In search of an explanation/Part II of the book examines the philosophical underpinnings of seventeenth century thought mainly with reference to the concept of element, which it has been widely claimed, was increasingly influenced by the notion of mechanical parts. Bacon had himself observed that "the human understanding is infected by the sight of what takes place in the mechanical arts.." (p.79). The notion of an assemblage rather than of an organic unity gave plausibility to the analytic-synthetic method - the method of breaking down into elements and then reconstructing the whole - in both natural and social philosophy.

For, society too was beginning to be viewed as an artifact resulting from the contract of essentially independent autarchic individuals. . Freudenthal undertakes an extensive comparison of Newtonian atomism, Hobbes' selfish political man, Rousseau's autarkical Natural man and Adam Smith's self serving homo economic. Later in the book he seeks to show that, on the other,1 hand, Leibniz in his social philosophy quite consciously set himself off from these social thinkers. Now such connections are not of course original to the author. Marx in his profound analysis of eighteenth and nineteenth century thought and society had much earlier displayed individualistic economic philosophy as the 'valid' representation of the historical rise of the individual, an event that went hand in hand with the break-down of feudalism. And later authors have followed suit Nevertheless this forms the' essential crux of the author's overall argument, and he certainly brings to bear his own insights on otherwise well known material.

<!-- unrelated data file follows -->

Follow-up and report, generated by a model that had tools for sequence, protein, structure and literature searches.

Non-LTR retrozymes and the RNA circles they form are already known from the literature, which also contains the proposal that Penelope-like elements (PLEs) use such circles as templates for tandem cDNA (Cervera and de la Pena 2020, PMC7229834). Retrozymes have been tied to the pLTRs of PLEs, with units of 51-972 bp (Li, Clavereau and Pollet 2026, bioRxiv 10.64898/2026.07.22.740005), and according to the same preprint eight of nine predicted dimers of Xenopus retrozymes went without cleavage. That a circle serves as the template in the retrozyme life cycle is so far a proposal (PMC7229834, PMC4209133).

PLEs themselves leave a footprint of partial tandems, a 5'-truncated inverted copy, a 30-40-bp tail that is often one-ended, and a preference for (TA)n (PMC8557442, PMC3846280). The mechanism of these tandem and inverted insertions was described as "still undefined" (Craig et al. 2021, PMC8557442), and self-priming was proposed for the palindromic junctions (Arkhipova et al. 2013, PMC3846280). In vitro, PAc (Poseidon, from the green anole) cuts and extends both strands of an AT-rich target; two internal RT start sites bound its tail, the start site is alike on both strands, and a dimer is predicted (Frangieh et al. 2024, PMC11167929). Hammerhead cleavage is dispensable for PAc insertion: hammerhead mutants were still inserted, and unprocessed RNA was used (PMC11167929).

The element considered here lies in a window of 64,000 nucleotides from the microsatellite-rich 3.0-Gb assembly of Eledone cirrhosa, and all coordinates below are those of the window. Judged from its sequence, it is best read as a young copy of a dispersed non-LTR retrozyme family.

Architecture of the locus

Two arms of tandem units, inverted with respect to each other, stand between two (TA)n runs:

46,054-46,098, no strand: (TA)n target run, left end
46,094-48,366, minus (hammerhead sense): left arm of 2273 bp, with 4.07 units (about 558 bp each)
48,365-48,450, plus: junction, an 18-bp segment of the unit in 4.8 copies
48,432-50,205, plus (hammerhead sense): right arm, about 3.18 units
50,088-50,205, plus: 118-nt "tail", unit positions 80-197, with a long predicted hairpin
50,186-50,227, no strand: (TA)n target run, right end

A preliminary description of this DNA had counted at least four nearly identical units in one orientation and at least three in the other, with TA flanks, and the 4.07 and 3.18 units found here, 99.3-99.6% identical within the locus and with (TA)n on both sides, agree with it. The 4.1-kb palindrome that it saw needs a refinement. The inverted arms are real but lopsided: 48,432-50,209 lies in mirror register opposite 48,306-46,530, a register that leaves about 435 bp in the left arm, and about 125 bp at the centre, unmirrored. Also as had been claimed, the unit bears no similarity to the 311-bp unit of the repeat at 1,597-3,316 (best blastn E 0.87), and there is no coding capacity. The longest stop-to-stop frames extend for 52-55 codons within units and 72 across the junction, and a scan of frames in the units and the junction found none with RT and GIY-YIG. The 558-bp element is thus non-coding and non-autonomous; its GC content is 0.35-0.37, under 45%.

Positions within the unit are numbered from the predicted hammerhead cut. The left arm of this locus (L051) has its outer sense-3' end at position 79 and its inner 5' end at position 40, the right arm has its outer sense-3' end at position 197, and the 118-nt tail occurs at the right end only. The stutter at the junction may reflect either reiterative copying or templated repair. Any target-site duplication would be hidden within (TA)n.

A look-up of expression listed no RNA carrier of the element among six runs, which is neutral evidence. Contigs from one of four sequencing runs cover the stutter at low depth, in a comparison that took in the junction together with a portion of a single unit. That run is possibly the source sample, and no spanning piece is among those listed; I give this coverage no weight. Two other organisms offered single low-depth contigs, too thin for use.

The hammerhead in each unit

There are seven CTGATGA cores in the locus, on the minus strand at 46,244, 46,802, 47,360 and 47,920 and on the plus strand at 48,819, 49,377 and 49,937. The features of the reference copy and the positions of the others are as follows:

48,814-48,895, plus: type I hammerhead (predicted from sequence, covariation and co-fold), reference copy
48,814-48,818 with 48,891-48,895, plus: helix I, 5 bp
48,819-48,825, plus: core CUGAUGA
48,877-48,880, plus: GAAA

Freudenthal examines but rejects the view that the artisan conception can solely account for the images of the Newtonian age. Newton in his physics had himself transcended artisan experience. Indeed Newton's philosophy, concludes the author, is not so much mechanistic as it is bourgeois. To establish this conclusion one must turn to history.

Part HI of the book documents the events as they took place before and after the English Revolution of 1662, culminating in the phenomenon of civil society in England. At the base of this society is the notion of the independent private proprietor. A painstakingly detailed account follows of the struggle that went on in England at this time. The author describes the process of the final defeat of the Levelers who challenged the principle of the enclosures, the principle that finally set the poor 'free' to sell then-lab our power in the open market As Freudenthal concludes "the conception of society as composed of independent individuals and the corresponding conception of the analytic-synthetic method in the social sciences can thus be determined exactly: it is peculiar to bourgeois society and can in this sense be called bourgeois". Nekton’s theory, God and all, was most rational in this bourgeois framework.